Tuesday, August 9, 2011

Things You Should Know about Li-ion Batteries

Lithium-ion battery is one of the most common batteries for electronics on the market. Our cell phones use it, our computers use it and our digital cameras use it, too. But how much do you know about the li-ion batteries?

lithium-ion battery Researcher
Photo: Argonne National Laboratory

According to Wikipedia, li-ion battery is one of the most popular types of rechargeable battery for portable electronics, with one of the best energy densities, no memory effect, and a slow loss of charge when not in use. Beyond consumer electronics, LIBs are also growing in popularity for military, electric vehicle, and aerospace applications.

li-ion batteries are limited by their life-spans. Check your digital battery to see when it’s being manufactured. The lifespan of lithium-ion batteries are limited by their manufacture date, because you should know that all the batteries are limited by a finite number of charging “cycles”. That is to say, your lithium-ion battery starts dying the moment it leaves the factory.

Some people love to get a spare battery for backup. Although the spare battery you get is brand new, it’s still on the way of dying out. The spare battery would always be better than the one you are using, but you can expect to irreversibly lose 20% of the lithium-ion battery’s charge every year from its original date of manufacture. So, don’t get a spare battery too early if you are not going to use it soon. And pay attention to the manufacturer time of a battery when you buy a replacement battery.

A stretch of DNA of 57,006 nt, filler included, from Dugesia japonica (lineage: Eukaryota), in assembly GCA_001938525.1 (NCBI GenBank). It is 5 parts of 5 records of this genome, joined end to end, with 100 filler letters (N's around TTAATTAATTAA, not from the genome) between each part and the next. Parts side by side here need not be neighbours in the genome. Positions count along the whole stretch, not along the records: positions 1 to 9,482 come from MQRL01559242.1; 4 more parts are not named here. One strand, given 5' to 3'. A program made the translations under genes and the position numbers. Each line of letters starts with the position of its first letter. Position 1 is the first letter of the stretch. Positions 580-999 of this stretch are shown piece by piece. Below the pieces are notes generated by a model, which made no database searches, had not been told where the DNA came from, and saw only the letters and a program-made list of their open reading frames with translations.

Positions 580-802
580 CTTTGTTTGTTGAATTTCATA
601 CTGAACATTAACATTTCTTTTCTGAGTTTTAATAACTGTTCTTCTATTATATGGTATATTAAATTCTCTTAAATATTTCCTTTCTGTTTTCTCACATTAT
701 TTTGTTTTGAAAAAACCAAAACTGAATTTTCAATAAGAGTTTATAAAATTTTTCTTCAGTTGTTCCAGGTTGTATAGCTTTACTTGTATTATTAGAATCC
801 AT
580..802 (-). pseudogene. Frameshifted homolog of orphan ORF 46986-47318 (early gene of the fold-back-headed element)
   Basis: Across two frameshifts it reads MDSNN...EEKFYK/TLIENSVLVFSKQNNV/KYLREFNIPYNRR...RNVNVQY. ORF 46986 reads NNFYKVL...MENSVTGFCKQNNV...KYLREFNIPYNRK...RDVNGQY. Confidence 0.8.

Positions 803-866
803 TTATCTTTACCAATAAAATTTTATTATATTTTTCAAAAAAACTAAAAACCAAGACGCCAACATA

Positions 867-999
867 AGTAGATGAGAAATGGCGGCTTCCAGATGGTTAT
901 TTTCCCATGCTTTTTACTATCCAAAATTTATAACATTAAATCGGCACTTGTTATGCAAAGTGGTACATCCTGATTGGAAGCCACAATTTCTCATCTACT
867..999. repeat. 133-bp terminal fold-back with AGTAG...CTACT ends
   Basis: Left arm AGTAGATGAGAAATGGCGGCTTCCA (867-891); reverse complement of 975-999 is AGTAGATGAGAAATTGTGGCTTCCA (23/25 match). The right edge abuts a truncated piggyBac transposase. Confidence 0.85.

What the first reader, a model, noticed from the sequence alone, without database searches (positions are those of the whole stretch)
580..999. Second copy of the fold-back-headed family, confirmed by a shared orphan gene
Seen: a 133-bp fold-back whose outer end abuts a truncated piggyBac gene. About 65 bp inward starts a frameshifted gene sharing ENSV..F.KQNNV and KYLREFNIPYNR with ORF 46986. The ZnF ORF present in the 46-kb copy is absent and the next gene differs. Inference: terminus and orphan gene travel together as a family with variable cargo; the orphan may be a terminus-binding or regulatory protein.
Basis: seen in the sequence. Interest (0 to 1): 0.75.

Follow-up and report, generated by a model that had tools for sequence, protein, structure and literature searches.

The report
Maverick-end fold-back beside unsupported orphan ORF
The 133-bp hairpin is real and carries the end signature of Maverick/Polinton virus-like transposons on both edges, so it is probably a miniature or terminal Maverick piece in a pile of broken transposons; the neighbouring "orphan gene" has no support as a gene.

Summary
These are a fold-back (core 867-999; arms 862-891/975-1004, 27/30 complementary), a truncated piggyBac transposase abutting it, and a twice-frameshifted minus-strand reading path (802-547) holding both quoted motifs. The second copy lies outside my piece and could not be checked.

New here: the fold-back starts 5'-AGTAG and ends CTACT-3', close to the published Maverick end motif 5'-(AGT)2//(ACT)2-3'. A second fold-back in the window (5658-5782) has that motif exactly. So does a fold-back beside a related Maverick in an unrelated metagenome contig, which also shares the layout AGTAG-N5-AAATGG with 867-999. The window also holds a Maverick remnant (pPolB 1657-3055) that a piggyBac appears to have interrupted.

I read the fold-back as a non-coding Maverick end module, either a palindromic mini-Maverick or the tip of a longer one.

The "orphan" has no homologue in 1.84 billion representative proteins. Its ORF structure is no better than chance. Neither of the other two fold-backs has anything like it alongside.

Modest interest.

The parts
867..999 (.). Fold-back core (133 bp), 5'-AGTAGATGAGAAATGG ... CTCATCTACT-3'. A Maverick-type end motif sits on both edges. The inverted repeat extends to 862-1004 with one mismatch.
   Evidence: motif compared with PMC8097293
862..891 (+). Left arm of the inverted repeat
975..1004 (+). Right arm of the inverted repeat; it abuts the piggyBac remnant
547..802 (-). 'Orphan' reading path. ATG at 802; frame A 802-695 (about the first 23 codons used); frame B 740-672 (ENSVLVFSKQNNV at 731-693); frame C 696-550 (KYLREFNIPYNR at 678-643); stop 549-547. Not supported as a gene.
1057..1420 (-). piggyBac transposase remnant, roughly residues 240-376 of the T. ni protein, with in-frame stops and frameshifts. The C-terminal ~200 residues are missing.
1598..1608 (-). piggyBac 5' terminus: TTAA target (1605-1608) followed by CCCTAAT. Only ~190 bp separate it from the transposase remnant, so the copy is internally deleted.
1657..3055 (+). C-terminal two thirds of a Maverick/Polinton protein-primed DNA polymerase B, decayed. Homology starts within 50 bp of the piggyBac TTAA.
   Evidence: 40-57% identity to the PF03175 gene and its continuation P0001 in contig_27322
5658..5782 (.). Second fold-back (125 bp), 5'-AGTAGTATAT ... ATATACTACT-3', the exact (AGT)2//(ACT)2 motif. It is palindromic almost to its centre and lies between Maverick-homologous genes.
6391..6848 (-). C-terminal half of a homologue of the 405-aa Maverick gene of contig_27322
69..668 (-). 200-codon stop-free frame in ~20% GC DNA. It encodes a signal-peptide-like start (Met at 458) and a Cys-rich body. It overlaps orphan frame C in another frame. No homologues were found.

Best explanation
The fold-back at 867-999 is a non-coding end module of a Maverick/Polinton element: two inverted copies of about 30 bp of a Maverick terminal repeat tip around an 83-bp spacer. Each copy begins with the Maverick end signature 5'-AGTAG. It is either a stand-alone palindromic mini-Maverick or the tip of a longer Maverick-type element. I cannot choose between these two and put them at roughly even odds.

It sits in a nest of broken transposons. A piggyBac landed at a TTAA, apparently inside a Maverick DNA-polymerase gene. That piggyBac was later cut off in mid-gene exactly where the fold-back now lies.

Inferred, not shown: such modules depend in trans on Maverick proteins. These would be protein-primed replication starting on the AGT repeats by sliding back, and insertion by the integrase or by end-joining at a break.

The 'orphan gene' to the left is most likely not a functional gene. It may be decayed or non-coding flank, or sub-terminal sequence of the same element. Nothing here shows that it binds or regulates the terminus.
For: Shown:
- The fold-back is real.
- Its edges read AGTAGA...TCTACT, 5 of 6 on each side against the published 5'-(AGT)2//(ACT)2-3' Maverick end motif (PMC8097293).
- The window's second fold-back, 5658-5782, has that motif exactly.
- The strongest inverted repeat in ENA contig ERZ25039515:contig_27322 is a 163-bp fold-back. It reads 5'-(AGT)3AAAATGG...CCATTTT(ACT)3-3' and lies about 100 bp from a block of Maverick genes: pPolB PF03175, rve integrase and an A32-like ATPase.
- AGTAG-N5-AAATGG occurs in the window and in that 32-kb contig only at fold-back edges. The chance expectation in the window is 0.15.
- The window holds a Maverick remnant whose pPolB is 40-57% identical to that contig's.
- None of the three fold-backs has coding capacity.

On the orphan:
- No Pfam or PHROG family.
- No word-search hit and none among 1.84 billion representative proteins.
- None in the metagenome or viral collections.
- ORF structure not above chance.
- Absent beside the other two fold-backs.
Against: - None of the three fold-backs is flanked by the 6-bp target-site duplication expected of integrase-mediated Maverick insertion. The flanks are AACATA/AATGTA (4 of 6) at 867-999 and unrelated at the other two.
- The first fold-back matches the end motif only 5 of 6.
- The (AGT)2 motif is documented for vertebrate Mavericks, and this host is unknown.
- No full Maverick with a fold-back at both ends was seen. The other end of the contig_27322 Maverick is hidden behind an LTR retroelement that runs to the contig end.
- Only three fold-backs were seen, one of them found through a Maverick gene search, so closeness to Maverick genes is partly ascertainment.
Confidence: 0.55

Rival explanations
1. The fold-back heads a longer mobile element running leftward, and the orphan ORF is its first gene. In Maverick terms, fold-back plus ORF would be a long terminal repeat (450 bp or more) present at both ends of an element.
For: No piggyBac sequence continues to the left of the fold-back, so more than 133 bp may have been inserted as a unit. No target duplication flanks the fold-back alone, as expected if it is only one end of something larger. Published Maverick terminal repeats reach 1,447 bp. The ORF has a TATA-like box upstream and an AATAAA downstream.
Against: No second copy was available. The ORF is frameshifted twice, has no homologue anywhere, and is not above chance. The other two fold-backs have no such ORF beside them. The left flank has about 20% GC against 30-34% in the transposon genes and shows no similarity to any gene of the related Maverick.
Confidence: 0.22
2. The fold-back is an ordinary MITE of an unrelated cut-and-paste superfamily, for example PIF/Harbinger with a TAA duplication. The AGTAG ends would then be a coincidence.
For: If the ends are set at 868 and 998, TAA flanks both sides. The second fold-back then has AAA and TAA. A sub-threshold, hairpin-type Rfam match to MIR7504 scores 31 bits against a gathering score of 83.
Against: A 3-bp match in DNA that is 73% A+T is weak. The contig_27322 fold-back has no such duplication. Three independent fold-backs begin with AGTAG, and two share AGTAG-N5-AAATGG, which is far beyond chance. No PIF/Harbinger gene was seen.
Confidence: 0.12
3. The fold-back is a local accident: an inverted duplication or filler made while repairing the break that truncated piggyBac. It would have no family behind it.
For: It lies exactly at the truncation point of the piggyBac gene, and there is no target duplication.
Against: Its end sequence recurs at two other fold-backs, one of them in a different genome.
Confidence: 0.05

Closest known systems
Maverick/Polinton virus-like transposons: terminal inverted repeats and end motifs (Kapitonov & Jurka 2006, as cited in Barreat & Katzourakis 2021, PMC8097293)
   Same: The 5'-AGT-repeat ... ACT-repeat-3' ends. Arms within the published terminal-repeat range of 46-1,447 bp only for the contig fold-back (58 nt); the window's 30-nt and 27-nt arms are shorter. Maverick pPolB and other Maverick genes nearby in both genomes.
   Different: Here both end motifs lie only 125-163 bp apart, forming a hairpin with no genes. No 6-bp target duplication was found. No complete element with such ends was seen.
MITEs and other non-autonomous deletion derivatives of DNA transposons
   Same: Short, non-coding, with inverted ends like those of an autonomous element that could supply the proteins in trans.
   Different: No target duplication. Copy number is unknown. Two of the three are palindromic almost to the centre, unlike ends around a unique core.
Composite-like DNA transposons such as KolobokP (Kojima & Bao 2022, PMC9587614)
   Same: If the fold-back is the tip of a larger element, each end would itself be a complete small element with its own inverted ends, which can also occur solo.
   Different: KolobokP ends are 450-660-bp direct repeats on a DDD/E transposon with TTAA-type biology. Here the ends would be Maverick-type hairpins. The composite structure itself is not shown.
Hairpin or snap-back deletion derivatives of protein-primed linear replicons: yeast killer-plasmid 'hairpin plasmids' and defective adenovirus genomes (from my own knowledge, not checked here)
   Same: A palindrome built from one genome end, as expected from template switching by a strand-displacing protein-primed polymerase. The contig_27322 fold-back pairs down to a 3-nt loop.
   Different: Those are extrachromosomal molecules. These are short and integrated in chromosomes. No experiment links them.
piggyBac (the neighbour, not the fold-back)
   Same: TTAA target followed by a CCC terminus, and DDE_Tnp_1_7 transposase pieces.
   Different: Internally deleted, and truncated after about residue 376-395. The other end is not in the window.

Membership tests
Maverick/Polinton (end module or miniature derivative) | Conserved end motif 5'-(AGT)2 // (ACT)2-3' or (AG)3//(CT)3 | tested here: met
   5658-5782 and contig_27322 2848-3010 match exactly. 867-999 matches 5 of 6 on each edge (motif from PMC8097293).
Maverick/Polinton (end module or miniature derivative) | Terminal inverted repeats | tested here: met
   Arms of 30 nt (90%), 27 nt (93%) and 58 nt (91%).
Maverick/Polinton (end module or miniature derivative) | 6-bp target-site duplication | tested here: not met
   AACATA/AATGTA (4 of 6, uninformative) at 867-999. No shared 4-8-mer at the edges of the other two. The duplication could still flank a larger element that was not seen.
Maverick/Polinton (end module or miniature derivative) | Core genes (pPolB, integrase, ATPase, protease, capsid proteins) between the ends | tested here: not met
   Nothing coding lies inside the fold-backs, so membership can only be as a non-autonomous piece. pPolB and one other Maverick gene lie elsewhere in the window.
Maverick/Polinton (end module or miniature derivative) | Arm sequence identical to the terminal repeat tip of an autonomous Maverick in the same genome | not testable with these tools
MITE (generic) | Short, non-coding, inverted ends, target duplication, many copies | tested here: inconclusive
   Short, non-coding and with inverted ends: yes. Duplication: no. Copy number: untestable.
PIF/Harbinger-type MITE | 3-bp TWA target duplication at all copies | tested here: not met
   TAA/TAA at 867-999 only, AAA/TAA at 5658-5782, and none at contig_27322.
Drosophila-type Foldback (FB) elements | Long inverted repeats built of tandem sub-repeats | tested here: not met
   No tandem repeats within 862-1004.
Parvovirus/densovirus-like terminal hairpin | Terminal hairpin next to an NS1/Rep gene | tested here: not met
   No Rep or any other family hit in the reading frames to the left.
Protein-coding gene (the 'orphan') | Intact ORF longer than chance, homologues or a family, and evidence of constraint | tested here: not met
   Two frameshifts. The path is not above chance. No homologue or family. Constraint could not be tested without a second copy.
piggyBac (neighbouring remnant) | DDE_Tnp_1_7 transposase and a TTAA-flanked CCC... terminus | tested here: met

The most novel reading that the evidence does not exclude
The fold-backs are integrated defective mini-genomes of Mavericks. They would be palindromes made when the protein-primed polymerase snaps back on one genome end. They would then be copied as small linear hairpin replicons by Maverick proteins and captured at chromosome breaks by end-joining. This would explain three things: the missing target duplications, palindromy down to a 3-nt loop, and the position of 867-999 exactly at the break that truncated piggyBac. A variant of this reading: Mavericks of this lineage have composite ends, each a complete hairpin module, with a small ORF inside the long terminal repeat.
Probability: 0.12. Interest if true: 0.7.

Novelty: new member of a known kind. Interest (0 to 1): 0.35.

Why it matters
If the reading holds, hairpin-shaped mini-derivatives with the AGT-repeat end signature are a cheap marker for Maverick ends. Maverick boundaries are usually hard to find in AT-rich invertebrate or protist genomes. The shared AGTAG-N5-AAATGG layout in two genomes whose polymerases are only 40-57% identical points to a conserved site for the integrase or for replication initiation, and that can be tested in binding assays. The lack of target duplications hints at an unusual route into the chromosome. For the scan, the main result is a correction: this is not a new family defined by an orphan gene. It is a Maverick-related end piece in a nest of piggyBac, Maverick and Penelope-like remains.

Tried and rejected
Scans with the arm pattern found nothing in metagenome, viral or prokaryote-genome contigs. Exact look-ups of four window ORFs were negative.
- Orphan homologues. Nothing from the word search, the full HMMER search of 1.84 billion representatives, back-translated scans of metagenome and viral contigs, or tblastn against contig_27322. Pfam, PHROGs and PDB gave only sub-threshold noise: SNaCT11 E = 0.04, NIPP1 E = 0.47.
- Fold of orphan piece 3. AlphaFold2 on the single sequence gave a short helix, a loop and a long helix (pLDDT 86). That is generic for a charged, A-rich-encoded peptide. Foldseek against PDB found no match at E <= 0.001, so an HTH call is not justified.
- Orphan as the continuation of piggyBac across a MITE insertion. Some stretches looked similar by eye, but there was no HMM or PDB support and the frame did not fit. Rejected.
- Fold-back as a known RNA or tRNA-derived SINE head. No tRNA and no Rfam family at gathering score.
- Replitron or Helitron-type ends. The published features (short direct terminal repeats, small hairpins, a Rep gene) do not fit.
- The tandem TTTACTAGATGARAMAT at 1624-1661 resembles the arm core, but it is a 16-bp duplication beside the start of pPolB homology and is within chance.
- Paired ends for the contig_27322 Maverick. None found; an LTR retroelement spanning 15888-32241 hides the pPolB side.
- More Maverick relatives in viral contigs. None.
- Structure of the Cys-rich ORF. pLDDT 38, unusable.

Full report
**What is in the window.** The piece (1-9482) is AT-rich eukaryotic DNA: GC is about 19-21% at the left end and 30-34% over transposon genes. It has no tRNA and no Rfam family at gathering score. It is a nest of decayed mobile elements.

Some people may charge their battery only when it is completely discharged. That is a wrong action. Don’t let your device to discharge completely! There is an artificial circuit that shuts off the device when the charge in the battery is too low. This extraneous circuit is built to protect from the damage that could result if the charge of your lithium ion battery falls too low. Your battery would get permanent damage if the power of your li-ion battery falls too low.

One charge cycle means a single iteration of depleting followed by a re-charge until 100% of battery charge. For example, if you consume 50% of your nb 6l canon battery or motorola krzr k1 cell phone batteries on the first day, and then recharge to 100% at night, and do the same thing on the second day, then you would have just finished up one charge cycle of its battery life.

A lot of people think batteries should be taken out when they connect to the digital devices (especially computers) with the wall outlet. Well, that is a wrong idea. People want to take out the battery because they think the battery would possibly be overcharged with the AC outlet. Actually, the circuits inside your battery are smart enough to ensure your precious lithium ion never gets overcharged. So you should just leave your battery in and enjoy your computer.

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